et al., 2012). At these heights, the barrier will be above the exhaust release height of typical motor vehicles operating on the
adjacent roads, forcing the pollutant plume to loft above and over or pass through the vegetation. Heights lower than
approximately 4 m may allow for the pollutant emissions to proceed downwind of the low barrier unimpeded, although
studies evaluating varying heights of vegetation barriers have been minimal.
Vegetation barriers will only be effective at reducing air pollution in urban areas with limited space for planting if there’s
full coverage from the ground to top of the canopy. Ornamental trees with large openings under the canopy can result in
higher downwind concentrations by allowing the plume to pass through while also reducing wind speeds as in the example
of Tong et al. (2015). Thus, the vegetation barrier should be similar to a solid noise barrier by impeding the entire plume air
ﬂow from the highway. Solid noise barrier studies also suggest walls at least 4 m or taller provide a sufﬁcient height for air
quality improvement near roads (Baldauf et al., 2008, 2016; Heist et al., 2009; Finn et al., 2010). As discussed in Gallagher
et al. (2015) and Li et al. (2016), vegetation heights for barriers in street canyons may be effective at lower heights due to the
differences in air ﬂow patterns.
2.1.2. Vegetation barrier thickness
The thickness of the barrier will provide the residence time to allow for particulate removal by impaction or diffusion, as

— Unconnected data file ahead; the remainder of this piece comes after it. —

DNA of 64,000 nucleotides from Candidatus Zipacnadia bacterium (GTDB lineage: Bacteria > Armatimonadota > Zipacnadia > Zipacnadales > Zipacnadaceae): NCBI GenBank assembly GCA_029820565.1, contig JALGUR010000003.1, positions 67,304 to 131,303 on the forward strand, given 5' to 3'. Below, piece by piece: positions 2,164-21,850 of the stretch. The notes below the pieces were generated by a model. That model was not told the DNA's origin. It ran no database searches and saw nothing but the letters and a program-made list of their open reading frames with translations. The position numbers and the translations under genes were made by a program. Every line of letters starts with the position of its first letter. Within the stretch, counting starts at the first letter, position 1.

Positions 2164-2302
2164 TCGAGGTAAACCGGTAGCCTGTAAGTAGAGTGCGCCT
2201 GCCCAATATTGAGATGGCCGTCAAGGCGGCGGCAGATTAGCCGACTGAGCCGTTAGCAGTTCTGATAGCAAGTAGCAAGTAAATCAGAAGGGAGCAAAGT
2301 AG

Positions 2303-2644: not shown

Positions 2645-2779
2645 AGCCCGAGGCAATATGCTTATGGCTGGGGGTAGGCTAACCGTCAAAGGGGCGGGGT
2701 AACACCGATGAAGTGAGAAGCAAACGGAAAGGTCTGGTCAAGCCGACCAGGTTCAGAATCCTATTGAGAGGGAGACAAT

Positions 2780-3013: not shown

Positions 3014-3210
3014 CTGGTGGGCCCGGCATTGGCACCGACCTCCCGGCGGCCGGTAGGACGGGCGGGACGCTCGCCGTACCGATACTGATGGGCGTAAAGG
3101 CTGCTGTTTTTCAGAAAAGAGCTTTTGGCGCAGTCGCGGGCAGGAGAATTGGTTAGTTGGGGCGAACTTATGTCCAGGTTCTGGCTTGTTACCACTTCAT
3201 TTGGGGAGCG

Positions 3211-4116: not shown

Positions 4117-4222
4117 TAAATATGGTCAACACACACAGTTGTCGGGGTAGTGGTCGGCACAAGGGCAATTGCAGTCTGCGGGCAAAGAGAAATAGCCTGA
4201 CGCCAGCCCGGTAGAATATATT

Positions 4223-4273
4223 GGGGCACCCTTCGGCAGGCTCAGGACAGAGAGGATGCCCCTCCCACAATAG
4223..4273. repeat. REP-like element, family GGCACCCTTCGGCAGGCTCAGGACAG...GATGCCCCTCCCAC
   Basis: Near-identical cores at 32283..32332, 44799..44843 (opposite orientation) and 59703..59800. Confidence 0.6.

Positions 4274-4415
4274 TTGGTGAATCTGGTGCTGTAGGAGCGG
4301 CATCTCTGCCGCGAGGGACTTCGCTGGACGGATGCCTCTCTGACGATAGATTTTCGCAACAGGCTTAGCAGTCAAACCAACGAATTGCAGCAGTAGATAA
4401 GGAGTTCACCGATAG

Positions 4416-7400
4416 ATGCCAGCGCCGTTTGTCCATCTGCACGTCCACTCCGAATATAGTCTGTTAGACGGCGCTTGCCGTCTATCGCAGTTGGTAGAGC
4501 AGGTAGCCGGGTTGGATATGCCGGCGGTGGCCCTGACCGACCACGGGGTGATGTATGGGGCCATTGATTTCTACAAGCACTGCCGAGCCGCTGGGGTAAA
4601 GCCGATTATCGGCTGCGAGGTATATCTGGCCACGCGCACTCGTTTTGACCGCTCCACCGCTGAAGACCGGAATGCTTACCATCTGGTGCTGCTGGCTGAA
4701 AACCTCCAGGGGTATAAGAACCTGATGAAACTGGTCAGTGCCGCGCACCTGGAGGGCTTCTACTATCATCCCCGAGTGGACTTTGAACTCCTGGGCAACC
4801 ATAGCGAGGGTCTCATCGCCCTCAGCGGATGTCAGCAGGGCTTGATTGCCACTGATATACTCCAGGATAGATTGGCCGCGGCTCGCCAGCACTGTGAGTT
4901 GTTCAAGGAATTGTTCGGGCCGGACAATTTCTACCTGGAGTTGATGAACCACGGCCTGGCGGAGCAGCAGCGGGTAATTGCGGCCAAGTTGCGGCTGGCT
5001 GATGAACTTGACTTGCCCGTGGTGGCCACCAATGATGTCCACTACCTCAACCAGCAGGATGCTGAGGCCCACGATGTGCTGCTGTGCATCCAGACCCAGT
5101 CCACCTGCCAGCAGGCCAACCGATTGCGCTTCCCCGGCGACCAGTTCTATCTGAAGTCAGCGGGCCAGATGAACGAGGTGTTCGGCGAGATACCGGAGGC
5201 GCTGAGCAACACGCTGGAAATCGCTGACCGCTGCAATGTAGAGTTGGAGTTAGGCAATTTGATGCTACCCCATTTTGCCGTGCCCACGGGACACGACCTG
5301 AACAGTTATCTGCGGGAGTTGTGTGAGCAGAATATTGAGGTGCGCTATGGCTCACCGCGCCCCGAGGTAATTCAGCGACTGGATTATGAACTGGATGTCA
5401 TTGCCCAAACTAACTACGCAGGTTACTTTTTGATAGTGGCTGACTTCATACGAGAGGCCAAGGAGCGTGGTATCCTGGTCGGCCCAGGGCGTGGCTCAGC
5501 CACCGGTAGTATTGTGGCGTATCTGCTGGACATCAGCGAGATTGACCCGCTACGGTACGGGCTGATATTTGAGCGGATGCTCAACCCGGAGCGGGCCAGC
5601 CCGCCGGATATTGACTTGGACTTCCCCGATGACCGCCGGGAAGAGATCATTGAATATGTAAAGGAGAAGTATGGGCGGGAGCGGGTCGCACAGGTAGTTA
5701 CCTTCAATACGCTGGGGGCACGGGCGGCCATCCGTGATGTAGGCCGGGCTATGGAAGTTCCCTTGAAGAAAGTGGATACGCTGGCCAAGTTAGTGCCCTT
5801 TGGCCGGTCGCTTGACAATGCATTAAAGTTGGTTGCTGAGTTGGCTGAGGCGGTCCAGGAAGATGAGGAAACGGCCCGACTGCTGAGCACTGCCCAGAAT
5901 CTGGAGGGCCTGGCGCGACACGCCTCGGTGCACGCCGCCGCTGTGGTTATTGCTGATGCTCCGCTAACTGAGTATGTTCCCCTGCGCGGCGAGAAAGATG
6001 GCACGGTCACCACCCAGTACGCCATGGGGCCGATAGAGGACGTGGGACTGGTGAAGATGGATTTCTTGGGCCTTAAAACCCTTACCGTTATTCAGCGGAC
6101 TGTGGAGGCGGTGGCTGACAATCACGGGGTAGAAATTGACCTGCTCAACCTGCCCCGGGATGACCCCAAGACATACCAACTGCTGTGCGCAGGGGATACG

well as reduce turbulence and wind speed, increasing the amount of air ﬂow blocking. The vegetation thickness also forces
air ﬂow over the barrier for a longer distance, as well as provides increased distance from the air pollution source to the
downwind receptors. The thickness of the barrier needed for effective air pollution mitigation will vary depending on the
porosity/density of the vegetation. In general, studies reporting decreased near-road pollutant concentrations with vegeta-
tion were a minimum of approximately 5 m thick, with most approaching 10 m or more (Neft et al., 2016).
2.1.3. Vegetation porosity/density
The porosity or density of the vegetation comprising the barrier will determine air movement through the interior of the
barrier. Generally, the lower the porosity (or higher the density) and thicker the barrier, the more air ﬂow forced over the
structure. At extremely low porosities, the vegetation will affect pollutant transport and dispersion in a similar manner as
a solid noise barrier. At higher porosity, the vegetation can reduce wind speeds, allowing pollutants to stagnate within or
behind the vegetation, potentially leading to higher pollutant concentrations near ground-level. Thus, the vegetation poros-